Students ready to rally in Harrisburg in push for state university funding

 Hundreds of students are expected to rally Monday  in the Capitol Rotunda in Harrisburg to press Pennsylvania legislators on funding for  state universities. (AP file photo)

Hundreds of students are expected to rally Monday in the Capitol Rotunda in Harrisburg to press Pennsylvania legislators on funding for state universities. (AP file photo)

Pennsylvania Lawmakers entering the Capitol Rotunda Monday will be greeted with signs urging “Don’t Be Nuts, Restore the Cuts” and advising “Major Key: Quality Education Isn’t Free.”

Approximately 300 college students and faculty from the 14 universities that make up the State System of Higher Education will be taking part in a rally in Harrisburg.

The system’s faculty union is hosting the event to raise awareness about state university funding.

The union, the Association of Pennsylvania State College & University Faculties, is providing free transportation and lunches to participants as they press lawmakers to restore cuts to higher ed.

Kenneth Mash, union president, said the system’s state funding was reduced five years ago and has not increased since. That’s made it increasingly difficult to provide students with affordable, quality public education in Pennsylvania.

“At a time when there are a lot of groups out there who need funds, it’s important for our students to be heard, for our universities to be heard,” he said. “It’s no longer acceptable for our students to be increasingly in debt or for families to be closed out of a college education.”

He said the goal is to raise awareness ahead of Gov. Tom Wolf’s budget address on Tuesday.

Wolf proposed restoring the system’s funding to 2011 levels in his budget that was not approved by legislators, who also put an increased funding amount in their budget proposal.

“We’re fortunate because the governor had said he wants to increase the amount of funds to the universities. We’re fortunate because the Legislature has said they had put in for an increased amount,” Mash said. “So our goal is to make sure that that in fact happens and we get on a path to fair funding for the universities.”

The system’s current state aid is identical to levels it received in the late 1990s, but the system serves 16 percent more students and has made significant budget cuts.

“We’ve seen hundreds of programs being cut. We’ve seen staff at the universities being reduced,” Mash said. “We’ve seen tuition going up and fees going up for our students. We’ve seen basic maintenance being delayed. This is not a path that we can continue on.”

Kinjal Shah, a West Chester University sophomore, is going to the rally because she wants to have a voice in the decisions legislators are making about university funding.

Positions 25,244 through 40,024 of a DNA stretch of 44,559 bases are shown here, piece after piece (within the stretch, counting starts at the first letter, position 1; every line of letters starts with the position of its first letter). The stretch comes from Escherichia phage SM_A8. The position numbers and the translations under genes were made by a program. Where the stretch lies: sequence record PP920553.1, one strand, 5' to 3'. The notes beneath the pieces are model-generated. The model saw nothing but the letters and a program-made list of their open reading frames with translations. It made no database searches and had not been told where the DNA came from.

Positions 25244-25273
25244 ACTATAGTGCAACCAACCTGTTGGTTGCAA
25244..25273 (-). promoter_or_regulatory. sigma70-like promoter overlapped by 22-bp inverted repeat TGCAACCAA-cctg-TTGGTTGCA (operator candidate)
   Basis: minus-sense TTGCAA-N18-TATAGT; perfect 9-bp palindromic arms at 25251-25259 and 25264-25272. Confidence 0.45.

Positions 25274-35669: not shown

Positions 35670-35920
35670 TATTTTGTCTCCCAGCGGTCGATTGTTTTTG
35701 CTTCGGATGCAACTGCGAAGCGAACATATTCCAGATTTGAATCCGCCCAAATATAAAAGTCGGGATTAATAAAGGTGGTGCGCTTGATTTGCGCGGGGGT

“If students don’t pay attention to these kinds of issues, then our voices will never be heard,” the 19-year-old said. “This is the only time we have a real chance to make a real difference at the state level.”

The English major is also the news editor of the university’s newspaper and is covering the event to help raise awareness across campus.

“It’s something that not as many students know about and something more students need to know,” the Bucks County native said. “Also, this is a really important thing that prospective students need to know — that there’s a potential of the tuition increasing because that loses a lot of the appeal.”

The rally, dubbed “United We Stand, Underfunded We Fail,” was motivated in part by students.

Shippensburg senior Olivia Straka wanted to do something while watching her fellow students struggle to pay rising tuition bills and seeing some of them dropping out.

So the political science major began encouraging other students to take their stories right to lawmakers.

“I think to show the legislature when college students do show up they start to realize, ‘OK, this may actually be an issue,'” she said. “If the students are here that has a bit more of an impact than if it’s just faculty and administration.”

Straka said students choose state-owned schools because they’re affordable, but that’s changing.

“Three years ago I had that, to a certain extent. It has changed dramatically,” the Lebanon, Pennsylvania, native said. “My tuition has increased just in these four years that I’ve been here. I’m lucky enough to be able to continue with my education, but I know numerous students that have had to drop out.”

In the past four years, total costs at Shippensburg — including tuition, room, board and fees — went up 27 percent.

Pennsylvania used to supply 65 percent of the cost of attendance at state system universities, but now only covers 25 percent. Tuition makes up the difference.

Rally organizers expect several hundred attendees, including support from legislators, for the noon event.

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